Last week I read _The End of the Spear_, a book by Steve Saint about evangelical missionaries who had gone to the deep Ecuadorian jungles in the 1950â€™s. The first five missionaries were killed by the natives, but the son a slain missionary (the author himself) returned to the place where his father died. He continued preaching and living among the people, eventually being fully accepted into the tribal family and helping hundreds decide to â€œwalk the God trail.â€ Steve Saint later spent 18 months with his wife and children deep in that jungle, continuing his ministry and showing the way to forgiveness and peace by the authority of his own life.
Given my love for Guatemala, reading the book brought back not only memories but desires to return, and the familiar guilt I sometimes suffer because I have so much. There were moments when I felt I could no longer bear living in such luxury or with the perpetual sense of haste and structure.
This morning, I was reading the Book of Mark and came across the words, â€œFor he [Jesus] taught with authority, and not as the scribes.â€ Put that on top of another book I read last month–_The Great Divorce_ where an Episcopal bishop is so concerned with his theological questions and so caught up in his speculations, that he cannot accept the REALITY of Heaven or Christ. He has made everything an abstraction and himself the great authority on the speculations he has come up with (such as the idea that if Jesus had just lived a little longer and had not been crucified, his religious thought might have really matured.)
So Iâ€™m writing a quick blog about blogging.
I should say that I truly enjoy blogging and enjoy the thoughts which are respectfully exchanged. (I donâ€™t care for contention, but fortunately that happens rarely on T&S.) I have a sense of the personalities of many of the Bloggers and like them a lot. Nonetheless, thereâ€™s something of the scribes in us commentators and philosophizers. We examine many important ideas and make fine points. But I am thinking about how stripped down the gospel is for me in Guatemala. It is the bare-boned, Jesus gospel–as it clearly was for Steve Saint in Equador.
My Spanish is good, but I canâ€™t expound on important subjects with the kind of vocabulary I can in English. My Cakchiquel is limited to the most basic conversational words. And I LIKE being linguistically limited, because it forces me to use other means of communicationâ€”body language, laughter, facial expressions. My limitations also prevent me from assuming any kind of â€œhigh-mindedâ€ position. My advanced degree is of absolutely no relevance in Patzicia. I am simply a fellow traveler.
I am always impressed by the knowledge of my fellow Bloggers, but Iâ€™m also curious about their lives. In Patzicia, I sometimes took long walks with my Cakchiquel sisters and we just talked, and maybe did a little shopping at the marketplace. We are also taking long walks as we have on-line conversations, but the fact that all we see of each other is our words (and educated words they are) does leave some gaps.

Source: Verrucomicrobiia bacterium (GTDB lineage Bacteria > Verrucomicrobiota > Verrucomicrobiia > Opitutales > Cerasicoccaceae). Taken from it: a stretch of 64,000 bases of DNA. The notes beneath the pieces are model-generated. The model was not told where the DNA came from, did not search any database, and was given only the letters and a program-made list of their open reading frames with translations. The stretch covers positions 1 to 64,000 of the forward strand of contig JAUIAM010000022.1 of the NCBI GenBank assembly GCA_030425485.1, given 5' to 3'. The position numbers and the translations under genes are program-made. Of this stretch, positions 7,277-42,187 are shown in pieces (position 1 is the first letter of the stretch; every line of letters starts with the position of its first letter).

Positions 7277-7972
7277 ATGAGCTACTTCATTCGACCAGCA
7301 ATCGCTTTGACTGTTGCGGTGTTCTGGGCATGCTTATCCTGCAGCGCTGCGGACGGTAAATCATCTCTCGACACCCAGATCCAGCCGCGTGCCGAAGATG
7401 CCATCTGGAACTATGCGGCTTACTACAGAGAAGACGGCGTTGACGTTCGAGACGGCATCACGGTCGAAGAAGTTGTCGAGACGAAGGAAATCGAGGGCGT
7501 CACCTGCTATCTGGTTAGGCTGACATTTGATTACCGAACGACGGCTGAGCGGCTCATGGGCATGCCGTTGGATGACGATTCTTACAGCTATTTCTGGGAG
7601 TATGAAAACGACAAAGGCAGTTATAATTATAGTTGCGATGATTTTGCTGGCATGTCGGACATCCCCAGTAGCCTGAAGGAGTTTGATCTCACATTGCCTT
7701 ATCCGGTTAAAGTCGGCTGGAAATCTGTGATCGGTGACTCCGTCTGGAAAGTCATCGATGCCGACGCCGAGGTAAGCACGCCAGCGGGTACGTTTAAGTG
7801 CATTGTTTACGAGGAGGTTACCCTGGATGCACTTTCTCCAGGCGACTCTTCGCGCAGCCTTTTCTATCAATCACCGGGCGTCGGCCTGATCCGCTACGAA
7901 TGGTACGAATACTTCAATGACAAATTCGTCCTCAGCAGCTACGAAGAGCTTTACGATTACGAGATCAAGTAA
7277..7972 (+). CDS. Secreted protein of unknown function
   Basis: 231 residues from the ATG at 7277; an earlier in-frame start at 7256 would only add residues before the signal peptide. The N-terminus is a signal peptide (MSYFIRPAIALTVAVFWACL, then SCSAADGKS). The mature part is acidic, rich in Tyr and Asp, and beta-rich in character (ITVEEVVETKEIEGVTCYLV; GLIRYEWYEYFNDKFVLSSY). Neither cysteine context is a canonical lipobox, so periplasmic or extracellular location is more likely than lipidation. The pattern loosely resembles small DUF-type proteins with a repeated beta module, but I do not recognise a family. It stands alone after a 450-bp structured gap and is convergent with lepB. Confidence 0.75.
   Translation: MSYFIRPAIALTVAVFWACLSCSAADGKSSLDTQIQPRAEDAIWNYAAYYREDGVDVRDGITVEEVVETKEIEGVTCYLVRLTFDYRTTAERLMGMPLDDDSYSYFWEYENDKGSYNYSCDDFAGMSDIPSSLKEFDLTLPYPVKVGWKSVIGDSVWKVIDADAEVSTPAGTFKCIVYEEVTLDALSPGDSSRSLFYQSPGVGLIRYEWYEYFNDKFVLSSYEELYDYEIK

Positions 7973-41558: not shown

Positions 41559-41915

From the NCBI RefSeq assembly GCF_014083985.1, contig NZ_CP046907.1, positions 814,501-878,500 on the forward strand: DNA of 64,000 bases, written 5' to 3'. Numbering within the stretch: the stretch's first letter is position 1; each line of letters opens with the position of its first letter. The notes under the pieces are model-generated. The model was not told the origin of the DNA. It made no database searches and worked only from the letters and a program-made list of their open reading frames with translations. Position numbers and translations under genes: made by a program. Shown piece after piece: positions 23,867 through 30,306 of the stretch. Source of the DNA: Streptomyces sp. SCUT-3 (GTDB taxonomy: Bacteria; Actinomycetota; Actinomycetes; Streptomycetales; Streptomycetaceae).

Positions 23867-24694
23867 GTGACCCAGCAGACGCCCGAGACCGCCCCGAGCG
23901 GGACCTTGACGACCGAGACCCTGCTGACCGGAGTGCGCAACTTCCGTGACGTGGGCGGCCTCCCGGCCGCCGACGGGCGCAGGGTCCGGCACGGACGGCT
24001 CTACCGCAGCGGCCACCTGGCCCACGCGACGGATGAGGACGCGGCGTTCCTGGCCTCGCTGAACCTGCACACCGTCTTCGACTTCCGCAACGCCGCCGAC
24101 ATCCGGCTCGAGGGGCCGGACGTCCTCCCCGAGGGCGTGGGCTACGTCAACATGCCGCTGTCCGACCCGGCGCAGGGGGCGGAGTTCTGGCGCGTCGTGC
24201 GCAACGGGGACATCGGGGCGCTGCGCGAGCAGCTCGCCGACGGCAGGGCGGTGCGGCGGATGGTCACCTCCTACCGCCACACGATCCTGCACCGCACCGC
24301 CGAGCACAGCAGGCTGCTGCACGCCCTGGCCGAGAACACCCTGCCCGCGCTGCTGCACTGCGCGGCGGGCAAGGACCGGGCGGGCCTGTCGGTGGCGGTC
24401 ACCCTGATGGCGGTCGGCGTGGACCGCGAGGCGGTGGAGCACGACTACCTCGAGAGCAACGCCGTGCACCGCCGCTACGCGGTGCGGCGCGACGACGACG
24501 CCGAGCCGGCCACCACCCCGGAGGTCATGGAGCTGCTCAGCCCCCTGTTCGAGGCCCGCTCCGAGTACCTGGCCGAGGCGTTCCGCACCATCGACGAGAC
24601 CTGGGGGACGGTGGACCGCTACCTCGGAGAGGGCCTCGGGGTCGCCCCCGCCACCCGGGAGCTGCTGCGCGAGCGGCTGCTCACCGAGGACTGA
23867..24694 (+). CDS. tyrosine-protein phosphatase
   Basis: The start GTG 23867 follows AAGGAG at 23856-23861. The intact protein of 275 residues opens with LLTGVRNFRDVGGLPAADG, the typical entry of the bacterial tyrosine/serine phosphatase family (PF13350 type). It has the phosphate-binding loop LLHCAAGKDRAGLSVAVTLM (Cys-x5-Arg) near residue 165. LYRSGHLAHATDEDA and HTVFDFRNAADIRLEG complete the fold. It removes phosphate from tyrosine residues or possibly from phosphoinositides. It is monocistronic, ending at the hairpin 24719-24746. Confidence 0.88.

â€œJesus taught with authority, and not as the scribes.â€ For me, that indicates that it wasnâ€™t what his said or wrote which carried authority, but who he wasâ€”which others could sense. Thatâ€™s what I miss on blogsâ€”the actual presence of the writers, the eye to eye. I know that each â€œscribeâ€ is living a remarkable life, and I recognize evidence of great, courageous faith in many comments. Sometimes we read each other generously, and other times we donâ€™tâ€”but I suspect that kind of thing would not happen if we were physically in a room together.
Iâ€™m going to end this post rather personally by telling you that Iâ€™m a young-looking, past-fifty, redhead who loves the Lord, and who also happens to be a struggling mother, a loving wife, and (by the way) a writer. If I could take you to the sacred places of my life, they would include a little hut in Guatemala, where I sat by the first LDS convert of the city and sang Spanish hymns as he died. I would take you to the Provo temple, where I serve as a veil worker and where once I heard my friend Susie speak clearly–despite the fact that a stroke had robbed her of language. I would take you to the monument of Jane Manning James, who I consider to be the first Civil Rights activist of Utah and who I have felt as a very real presence in my life. I would introduce you to my four children and tell you how glorious each is, even though we get to deal with things like eating disorders and basic sins. I would introduce you to my husband, who is brilliant butâ€”far more importantâ€”is genuinely good.